Parcel of European Goods; the said Goods will be set up in Lots of about 20s
Sterl. per Lot. Credit will be given 'til the 10th of April next; the Purchaser giving
Bond and Security, to
Miles Wills.

To be S O L D at King-William Court-house, the 15th Instant, pursuant
to the Will of Mr.
Armistead Burwell, deceased;
THE Remainder of his Lands in King-William County, being 1600 Acres, within five
Miles of Aylet's Warehouse. For Conveniency of the Purchasers, the Whole will
[damaged, illegible]. Credit will be given 'til the 10th of June next, the Purchaser giving
[damaged, illegible] to
Lewis Burwell,
Nathanial Burwell
, Executors

Column 2

TAKEN up by the Subscriber, living in Amelia County, a black Horse, branded on
the near Buttock, thus C- and dock'd. The Owner may have him of me, pay-
ing as the Law directs.
Robert Cowsens.

To be LETT on easy Terms,
THE Raleigh Tavern, with a fine Piece of Pasture Ground just behind it, and all its
Improvements. Enquire of the Subscriber,
George Gilmer.

To be SOLD, by the Subscriber, at the College,
A VERY good Coachman, and other valuable Negroes belonging to the Estate of the
late Dr. William Dawson, deceased. Six Months Credit will be allowed. For
further Particulars enquire of
Thomas Dawson, Administrator.

THE Subscriber intending to leave the Raleigh Tavern, about the 25th of July next
desires the Favor of all Persons indebted to settle their Accounts before that Time
which will oblige their Very humble Servant,
Alexander Finnie

To be SOLD, the 2d Tuesday in February next, by Virtue of an Execution is-
sued out of the General Court
;
A Brick House and Lot in the Town of Hampton, lately belonging to Alexander Ha-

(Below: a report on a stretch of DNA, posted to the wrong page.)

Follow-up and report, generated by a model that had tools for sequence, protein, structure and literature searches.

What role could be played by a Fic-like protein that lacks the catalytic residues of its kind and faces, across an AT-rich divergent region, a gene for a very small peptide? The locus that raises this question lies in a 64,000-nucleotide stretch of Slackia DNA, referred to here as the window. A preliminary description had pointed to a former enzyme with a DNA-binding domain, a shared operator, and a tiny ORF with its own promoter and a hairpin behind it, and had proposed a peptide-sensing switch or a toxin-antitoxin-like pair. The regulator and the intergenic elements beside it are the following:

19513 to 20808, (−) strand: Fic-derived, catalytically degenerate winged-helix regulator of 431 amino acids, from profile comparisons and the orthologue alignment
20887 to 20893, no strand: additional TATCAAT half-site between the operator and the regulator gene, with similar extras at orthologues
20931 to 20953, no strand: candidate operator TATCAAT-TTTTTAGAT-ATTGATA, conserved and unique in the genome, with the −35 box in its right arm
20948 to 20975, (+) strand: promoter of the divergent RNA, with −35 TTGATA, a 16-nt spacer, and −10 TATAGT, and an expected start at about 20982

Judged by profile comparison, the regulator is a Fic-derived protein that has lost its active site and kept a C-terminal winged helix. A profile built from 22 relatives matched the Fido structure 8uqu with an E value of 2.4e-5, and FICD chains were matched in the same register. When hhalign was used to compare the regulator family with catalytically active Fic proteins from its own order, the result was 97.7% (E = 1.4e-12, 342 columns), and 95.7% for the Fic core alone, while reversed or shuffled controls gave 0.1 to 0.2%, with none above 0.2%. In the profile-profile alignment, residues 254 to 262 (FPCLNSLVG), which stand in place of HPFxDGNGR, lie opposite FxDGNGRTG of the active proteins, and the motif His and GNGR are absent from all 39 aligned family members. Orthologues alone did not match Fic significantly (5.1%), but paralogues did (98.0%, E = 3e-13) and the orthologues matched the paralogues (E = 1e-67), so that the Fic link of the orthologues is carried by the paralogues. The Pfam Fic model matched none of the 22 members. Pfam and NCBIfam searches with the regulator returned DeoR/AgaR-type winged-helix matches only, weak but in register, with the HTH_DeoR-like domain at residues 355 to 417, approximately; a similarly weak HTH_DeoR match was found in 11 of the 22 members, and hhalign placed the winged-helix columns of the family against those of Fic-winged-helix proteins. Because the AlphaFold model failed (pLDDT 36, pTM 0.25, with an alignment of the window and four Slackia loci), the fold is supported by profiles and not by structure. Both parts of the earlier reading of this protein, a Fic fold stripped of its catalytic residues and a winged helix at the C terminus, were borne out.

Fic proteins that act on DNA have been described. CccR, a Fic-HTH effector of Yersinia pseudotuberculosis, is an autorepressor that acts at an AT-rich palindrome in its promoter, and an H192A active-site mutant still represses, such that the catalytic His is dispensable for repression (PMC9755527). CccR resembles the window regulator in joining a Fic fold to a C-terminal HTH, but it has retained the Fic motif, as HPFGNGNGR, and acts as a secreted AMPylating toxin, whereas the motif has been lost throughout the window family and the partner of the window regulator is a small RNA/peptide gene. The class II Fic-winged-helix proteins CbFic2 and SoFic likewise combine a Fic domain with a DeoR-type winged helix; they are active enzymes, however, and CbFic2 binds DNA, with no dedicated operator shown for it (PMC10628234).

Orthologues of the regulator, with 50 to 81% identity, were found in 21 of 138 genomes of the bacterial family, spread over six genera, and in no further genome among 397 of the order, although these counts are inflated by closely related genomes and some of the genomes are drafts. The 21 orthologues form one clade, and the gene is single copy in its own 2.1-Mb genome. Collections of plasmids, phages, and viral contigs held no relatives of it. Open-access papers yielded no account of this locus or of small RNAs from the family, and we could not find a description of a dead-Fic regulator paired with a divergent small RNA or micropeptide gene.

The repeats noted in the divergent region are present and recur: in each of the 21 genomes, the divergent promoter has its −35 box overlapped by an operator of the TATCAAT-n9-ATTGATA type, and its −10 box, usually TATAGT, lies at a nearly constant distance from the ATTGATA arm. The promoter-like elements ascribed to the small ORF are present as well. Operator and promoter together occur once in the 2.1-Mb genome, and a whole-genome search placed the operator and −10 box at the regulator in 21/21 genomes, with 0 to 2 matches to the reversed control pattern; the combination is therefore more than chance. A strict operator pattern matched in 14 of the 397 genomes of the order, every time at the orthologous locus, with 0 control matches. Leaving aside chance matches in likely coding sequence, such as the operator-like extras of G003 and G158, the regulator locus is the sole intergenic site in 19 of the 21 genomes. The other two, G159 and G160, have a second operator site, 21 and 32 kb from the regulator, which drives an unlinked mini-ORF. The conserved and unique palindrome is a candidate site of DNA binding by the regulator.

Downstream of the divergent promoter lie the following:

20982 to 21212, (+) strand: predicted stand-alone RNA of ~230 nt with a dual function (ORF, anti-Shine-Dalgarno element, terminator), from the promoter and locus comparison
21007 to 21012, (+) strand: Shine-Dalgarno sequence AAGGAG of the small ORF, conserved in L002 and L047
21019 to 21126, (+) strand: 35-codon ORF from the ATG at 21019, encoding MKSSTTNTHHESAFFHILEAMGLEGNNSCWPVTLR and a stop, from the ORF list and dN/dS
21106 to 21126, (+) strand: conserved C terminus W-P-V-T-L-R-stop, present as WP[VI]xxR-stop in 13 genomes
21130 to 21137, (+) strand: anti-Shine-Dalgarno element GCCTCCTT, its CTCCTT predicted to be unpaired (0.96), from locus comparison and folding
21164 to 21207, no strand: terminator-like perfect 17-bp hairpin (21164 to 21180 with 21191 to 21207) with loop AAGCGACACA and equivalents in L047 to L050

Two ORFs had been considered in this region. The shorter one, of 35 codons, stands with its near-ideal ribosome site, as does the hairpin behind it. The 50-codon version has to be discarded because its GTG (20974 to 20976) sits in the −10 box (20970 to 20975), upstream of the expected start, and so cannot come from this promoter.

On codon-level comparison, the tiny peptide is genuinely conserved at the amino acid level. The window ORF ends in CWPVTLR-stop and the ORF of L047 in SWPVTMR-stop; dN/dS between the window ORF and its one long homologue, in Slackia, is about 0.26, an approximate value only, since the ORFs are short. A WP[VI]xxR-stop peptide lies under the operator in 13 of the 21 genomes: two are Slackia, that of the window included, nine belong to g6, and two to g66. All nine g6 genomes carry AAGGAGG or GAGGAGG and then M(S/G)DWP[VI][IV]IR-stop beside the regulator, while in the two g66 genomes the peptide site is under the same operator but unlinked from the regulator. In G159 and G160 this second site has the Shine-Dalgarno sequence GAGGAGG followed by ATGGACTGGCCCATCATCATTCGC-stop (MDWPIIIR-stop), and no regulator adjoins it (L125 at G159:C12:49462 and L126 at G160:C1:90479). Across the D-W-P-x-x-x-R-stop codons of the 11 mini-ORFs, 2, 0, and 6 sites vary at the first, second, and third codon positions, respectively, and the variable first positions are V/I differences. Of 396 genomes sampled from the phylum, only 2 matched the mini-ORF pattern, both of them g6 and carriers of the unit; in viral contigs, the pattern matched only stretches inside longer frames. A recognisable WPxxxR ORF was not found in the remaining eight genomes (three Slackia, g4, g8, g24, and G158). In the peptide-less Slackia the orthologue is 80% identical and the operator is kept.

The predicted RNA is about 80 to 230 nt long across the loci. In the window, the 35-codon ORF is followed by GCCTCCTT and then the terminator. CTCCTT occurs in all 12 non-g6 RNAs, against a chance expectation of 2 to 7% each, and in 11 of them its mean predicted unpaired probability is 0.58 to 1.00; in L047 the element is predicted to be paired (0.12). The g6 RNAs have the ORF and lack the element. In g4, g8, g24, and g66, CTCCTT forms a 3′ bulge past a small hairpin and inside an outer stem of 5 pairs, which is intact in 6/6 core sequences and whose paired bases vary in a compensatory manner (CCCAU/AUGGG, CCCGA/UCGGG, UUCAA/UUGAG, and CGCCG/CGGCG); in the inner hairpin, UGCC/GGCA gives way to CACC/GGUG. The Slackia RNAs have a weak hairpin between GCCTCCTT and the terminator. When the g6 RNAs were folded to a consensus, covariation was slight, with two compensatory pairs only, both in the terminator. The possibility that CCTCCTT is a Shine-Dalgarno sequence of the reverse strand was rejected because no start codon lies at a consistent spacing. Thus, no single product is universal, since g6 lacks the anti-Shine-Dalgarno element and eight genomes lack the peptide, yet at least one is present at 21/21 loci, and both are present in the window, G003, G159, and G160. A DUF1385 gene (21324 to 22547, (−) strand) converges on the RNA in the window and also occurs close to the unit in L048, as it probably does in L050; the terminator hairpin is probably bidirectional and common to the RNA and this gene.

milton
, deceased. Twelve Months Credit is allowed, the Purchaser giving Bond
and Security as usual.
Cary Seiden,
9 Sheriff of Elizabeth-City County.

THIS is to give Notice to all Persons indebted to James Gray and John Gilchrist,
Merchants of Tappahannock, on Account of John Elpbinston and Company, Mer-
chants of Aberdeen, to come and settle with James Elpbinston at Tappahannock, without
further Delay, otherways must expect to be proceeded against as the Law directs, with all
convenient Dispatch.
10|| James Elpbinston.

Williamsburg, October 18, 1755.
NOW in the Public Goal of this City, a Negroe Man, named James, who says he
belongs to Adam Porter, in North-Carolina : He hath been in Warwick Goal two
Months, according to law. The Owner may have him of me, on paying Charges.
t.f. Thomas Perman, K. P. G.

To be LET, and ENTERED on immediately,
A VERY commodious Dwelling-House, with a Well of very good Water, Out-
Houses, Garden pailed in, and other Conveniences, in perfect good Order, and
very convenient for a private Family, or Lodgers, and situated in one of the most agree-
able Parts of the Town: Also one other very good Dwelling-House, well accommodated
with Out-Houses, Garden, Well, fine large Stable and Coach-House, &c. situate on
the main Street, the lower Side of the Market Place.
t.f. Philip Ludwell

Just PUBLISHED,
THE Virginia ALMANACK, for the Year of our LORD GOD, 1756
Being BISSEXTILK, or LEAP-YEAR. Wherein are contained, the Lunations
Conjunctions, Eclipses; the Sun and Moon's Rising and Setting; the Rising, Setting